Life as a Marathon Dance in Horace McCoy ' s " They Shoot Horses, Don ' t They? "

In Horace McCoy's novella "They Shoot Horses, Don't They?" the cycles and repetition of life are represented by the circular movements of marathon dancers suspended on a pier over the ocean's rolling waves. The marathon, and life by comparison, is a draining and degrading dance contest, and most likely the outcome is fixed. But underneath it all, the tides roll in and out and you can feel the rhythm of the waves beneath your feet, a rhythm which has been rolling forever. We walked around the side of the building onto the pier. It stretched out over the ocean as far as I could see, rising and falling and groaning and creaking with the movements of the water. "It's a wonder the waves don't wash this pier away," I said. "You're hipped on the subject of waves," Gloria said. "No, I'm not," I said. "That's all you've been talking about for a month--" "All right, stand still a minute and you'll see

The Cat Theme in James M. Cains " The Postman Always Rings Twice "

Frank Chambers' partner in murder, Cora, has gone to visit her dying mother and he takes a trip down the coast with a girl named Madge Allen. Madge raises cats, but not the domestic type. "Cats, hey. What do you do, train them?" "Not the stuff we've got. They're no good. All but the tigers are outlaws. But I do train them." "You like it?" "Not much, the real big ones. But I like pumas. I'm going to get an act together with them some time. But I'll need a lot of them. Jungle pumas. Not these outlaws you see in the zoos." "What's an outlaw?" "He'd kill you." "Wouldn't they all?" "They might, but an outlaw does anyhow. If it was people, he would be a crazy person. It comes from being bred in captivity. The cats you see, they look like cats, but they're really cat lunatics." In "The Postman Always Rings Twice", James M. Cain's hardboiled novel from 1934, cats ar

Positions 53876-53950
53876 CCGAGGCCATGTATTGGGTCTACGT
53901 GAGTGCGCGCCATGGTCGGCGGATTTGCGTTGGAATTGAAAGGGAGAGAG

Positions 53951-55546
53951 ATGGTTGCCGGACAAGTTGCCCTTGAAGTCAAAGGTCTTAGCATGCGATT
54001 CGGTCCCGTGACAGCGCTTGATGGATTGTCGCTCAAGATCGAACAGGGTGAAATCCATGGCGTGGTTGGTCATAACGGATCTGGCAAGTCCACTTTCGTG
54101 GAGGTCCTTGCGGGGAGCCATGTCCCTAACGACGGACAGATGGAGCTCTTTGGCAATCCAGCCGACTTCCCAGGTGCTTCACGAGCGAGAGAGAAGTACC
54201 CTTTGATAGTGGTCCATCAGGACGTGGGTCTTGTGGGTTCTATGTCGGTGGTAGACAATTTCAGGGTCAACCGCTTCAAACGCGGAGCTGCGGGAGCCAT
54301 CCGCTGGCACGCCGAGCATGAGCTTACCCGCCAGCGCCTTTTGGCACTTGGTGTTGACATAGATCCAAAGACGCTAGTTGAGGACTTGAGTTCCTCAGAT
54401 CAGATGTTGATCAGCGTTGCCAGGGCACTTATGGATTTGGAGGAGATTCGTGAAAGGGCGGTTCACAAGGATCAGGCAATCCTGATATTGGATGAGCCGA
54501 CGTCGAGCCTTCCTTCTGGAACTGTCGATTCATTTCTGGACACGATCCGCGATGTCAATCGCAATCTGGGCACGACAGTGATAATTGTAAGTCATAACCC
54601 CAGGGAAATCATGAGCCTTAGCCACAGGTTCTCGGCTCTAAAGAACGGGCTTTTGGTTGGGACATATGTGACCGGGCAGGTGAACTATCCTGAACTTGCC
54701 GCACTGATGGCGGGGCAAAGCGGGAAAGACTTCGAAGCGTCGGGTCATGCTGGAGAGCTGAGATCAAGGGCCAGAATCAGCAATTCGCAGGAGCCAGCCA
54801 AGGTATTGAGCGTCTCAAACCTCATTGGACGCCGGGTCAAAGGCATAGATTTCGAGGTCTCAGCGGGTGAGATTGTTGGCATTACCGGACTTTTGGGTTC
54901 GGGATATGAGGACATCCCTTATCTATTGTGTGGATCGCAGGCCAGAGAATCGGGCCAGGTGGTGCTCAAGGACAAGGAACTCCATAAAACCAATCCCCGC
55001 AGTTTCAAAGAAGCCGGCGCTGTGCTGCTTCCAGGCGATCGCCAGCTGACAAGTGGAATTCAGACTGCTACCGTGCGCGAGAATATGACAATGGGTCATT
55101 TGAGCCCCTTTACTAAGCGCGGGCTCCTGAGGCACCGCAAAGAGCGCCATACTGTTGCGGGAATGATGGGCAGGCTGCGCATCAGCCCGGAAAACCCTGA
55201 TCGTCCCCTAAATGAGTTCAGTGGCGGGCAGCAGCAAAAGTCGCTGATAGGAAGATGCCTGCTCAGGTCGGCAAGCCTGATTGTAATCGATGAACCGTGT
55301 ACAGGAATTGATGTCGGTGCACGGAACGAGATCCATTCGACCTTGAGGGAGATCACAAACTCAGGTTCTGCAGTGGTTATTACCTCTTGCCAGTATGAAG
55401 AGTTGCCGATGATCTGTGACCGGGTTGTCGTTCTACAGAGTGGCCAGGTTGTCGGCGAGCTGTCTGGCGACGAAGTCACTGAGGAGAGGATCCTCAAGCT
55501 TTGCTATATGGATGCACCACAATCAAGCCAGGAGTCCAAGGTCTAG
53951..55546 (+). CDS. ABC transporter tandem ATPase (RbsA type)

Visual Representation of Psychological Separation in Billy Wilde ' s " Double Indemnity "

They hadn't seen each other that evening, but it could also be said they had never truly seen each other at all. They worked together on faith and hope; hoping the other person was someone they could trust and faith that other person really was. They were on a journey together, a journey which Walter Neff's co-worker and friend Barton Keyes had said ends only at the grave, but something stood between them; they had to depend on faith and hope because they didn't know each other well enough to have it another way. In the film "Double Indemnity", based on the James M. Cain novella of the same name, things were seldom as they seemed. Walter returned home, confident they had accomplished the perfect murder. Phyllis called from the drug store and wanted to see him, and he agreed. But before she arrived, Keyes payed Walter a visit; something was on his mind about this murder case and he wanted to bounce it off a friend. If Keyes happened to see Walter and Phyllis togeth